Since my divorce, I have met and fallen in love with a man who is protestant. I never dreamed that this would happen as I always envisioned myself with a Catholic. He has learned many things from me aabout Catholocism and I him in Protestantism. He has no desire to become a Catholic nor I a Protestant. We have many lively conversations and have enjoyed looking through our religious lenses together. He is one of the most devout people I have ever known. I am in the middle of my annullment process and we hope to have our service blessed by both faith groups. I simply can not imagine my life without the sacraments. I do not feel like we would be sinning, but I can’t be sure and mostly my family is not very happy about this situation. Help!:
I can give it to you second hand, that is is okay to marry a Protestant, courtesy of a former principal, but still Notre Dame nun. There are a number of women who seem to be without spouses at Mass on Sunday: I know about one women, who’s husband is a Lutheran and he sometimes attends Mass with her but she has alternated services too, and may still be doing that, with him? My nieces’ husbands, all Protestant of each a different faith, attended Mass with them. One even helped with religious teaching on Sunday mornings. Since the Parish closed, her husband has even preached as some of the former members have decided to have a service in a Methodist building. As he may be most like the dear fellow you want to marry, I know that, as his father is a minister, that he has said that he would never be a Catholic. So, I certainly can understand why he is a central person is this battle that they have with the bishop and the closing of the Parish.
It is not a sin to marry a non-Catholic. But IMO it is not a wise thing to do.
Ask yourselves, can the things that brought you two together transcend (in the long run) the differences in your spiritual history? Can you both respect each other’s spiritual history and not let that effect your lives together?
Going to 2 different churches is a big problem. Unless the one that gets out first holds a place in line at the cafeteria for the other.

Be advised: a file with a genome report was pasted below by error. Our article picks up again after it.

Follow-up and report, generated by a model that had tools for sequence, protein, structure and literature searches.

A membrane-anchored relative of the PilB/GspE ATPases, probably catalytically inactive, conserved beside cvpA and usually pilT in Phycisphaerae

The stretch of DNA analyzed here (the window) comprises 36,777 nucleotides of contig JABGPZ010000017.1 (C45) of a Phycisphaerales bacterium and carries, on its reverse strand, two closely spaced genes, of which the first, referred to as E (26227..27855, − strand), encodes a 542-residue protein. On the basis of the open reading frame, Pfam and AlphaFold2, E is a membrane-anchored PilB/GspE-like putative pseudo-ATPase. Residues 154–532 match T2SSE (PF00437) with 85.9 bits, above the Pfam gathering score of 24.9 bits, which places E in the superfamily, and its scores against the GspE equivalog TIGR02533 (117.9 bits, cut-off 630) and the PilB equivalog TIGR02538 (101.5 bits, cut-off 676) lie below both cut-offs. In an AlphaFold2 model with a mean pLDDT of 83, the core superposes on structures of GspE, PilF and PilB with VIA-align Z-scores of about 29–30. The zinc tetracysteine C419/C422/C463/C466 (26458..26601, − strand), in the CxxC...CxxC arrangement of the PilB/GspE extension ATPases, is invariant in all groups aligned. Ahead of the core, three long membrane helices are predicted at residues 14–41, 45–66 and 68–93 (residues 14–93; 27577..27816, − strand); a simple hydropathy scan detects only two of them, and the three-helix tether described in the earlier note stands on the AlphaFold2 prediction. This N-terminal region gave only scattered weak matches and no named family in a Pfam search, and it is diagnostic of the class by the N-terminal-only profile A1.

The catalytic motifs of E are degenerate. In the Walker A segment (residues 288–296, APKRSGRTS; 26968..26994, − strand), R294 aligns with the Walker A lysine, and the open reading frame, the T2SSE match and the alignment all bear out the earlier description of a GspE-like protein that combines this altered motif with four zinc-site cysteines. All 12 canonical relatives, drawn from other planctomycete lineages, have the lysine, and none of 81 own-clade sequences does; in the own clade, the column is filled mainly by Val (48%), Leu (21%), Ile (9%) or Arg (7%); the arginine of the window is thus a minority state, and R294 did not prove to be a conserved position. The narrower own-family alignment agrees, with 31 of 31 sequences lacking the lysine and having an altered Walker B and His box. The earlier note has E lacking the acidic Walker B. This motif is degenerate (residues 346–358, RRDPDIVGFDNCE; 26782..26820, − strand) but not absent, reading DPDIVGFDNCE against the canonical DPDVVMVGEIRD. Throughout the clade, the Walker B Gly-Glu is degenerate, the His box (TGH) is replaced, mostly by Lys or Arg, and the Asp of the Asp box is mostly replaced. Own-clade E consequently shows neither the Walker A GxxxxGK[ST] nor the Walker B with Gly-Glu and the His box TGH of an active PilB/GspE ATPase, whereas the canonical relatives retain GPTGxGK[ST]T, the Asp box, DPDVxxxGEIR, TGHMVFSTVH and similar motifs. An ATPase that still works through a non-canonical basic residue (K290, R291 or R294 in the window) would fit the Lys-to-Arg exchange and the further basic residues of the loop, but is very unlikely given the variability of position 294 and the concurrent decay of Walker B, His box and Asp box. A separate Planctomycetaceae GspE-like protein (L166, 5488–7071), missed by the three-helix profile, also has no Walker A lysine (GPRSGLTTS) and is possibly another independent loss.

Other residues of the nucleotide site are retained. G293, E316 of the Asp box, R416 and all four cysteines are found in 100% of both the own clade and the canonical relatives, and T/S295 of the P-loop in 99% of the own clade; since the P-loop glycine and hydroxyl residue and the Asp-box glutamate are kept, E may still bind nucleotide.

Try a Jewish person or or a SDA, at least you could go to church together on different days. Or maybe a Muslim as their services are on Friday. Or maybe a Buddhist.
Christmas is always a big problem for Catholics, you know we can only sing carols after Christmas. Marrying a Protestent has big advantages, you can put up the tree early, sing carols early. :rolleyes:
Let’s think about this going to Mass thing too. Wow, maybe that gets you off the hook for the Sunday and Holy Day obligations.
And you know the Protestents use oyster crackers and grape juice, they do taste better.
Sure, go ahead, sounds good to me. If you love him that is all that matters anyway.
Have you thought about what faith your children might follow?? If you are past those years then things might be a little easier…teachccd
Why not? I did and now she’s Catholic
In the Family Life forum you can find many people who have been down that road. It is a hard road. The CCC speaks of the tragedy of Christian disunity in the heart of the home.
From the CCC
1634 Difference of confession between the spouses does not constitute an insurmountable obstacle for marriage, when they succeed in placing in common what they have received from their respective communities, and learn from each other the way in which each lives in fidelity to Christ. But the difficulties of mixed marriages must not be underestimated. They arise from the fact that the separation of Christians has not yet been overcome. The spouses risk experiencing the tragedy of Christian disunity even in the heart of their own home. Disparity of cult can further aggravate these difficulties. Differences about faith and the very notion of marriage, but also different religious mentalities, can become sources of tension in marriage, especially as regards the education of children. The temptation to religious indifference can then arise.
There is a wonderful article on the US Catholic bishops website that actually talks about the spirituality of a marriage and the things you should discuss if you are considering inter-church marriage…inter faith church and even if you are different levels of your spiritual journey. It will also give you more links to open and articles for resources on this very topic. First of all, get you annulment in order before you even consider anything. As far as the church is concerned you are still married until it is thoroughly investigated. Annulments are not automatic. And with all things, keep praying that the right doors will be opened to you and God will lead your way through them.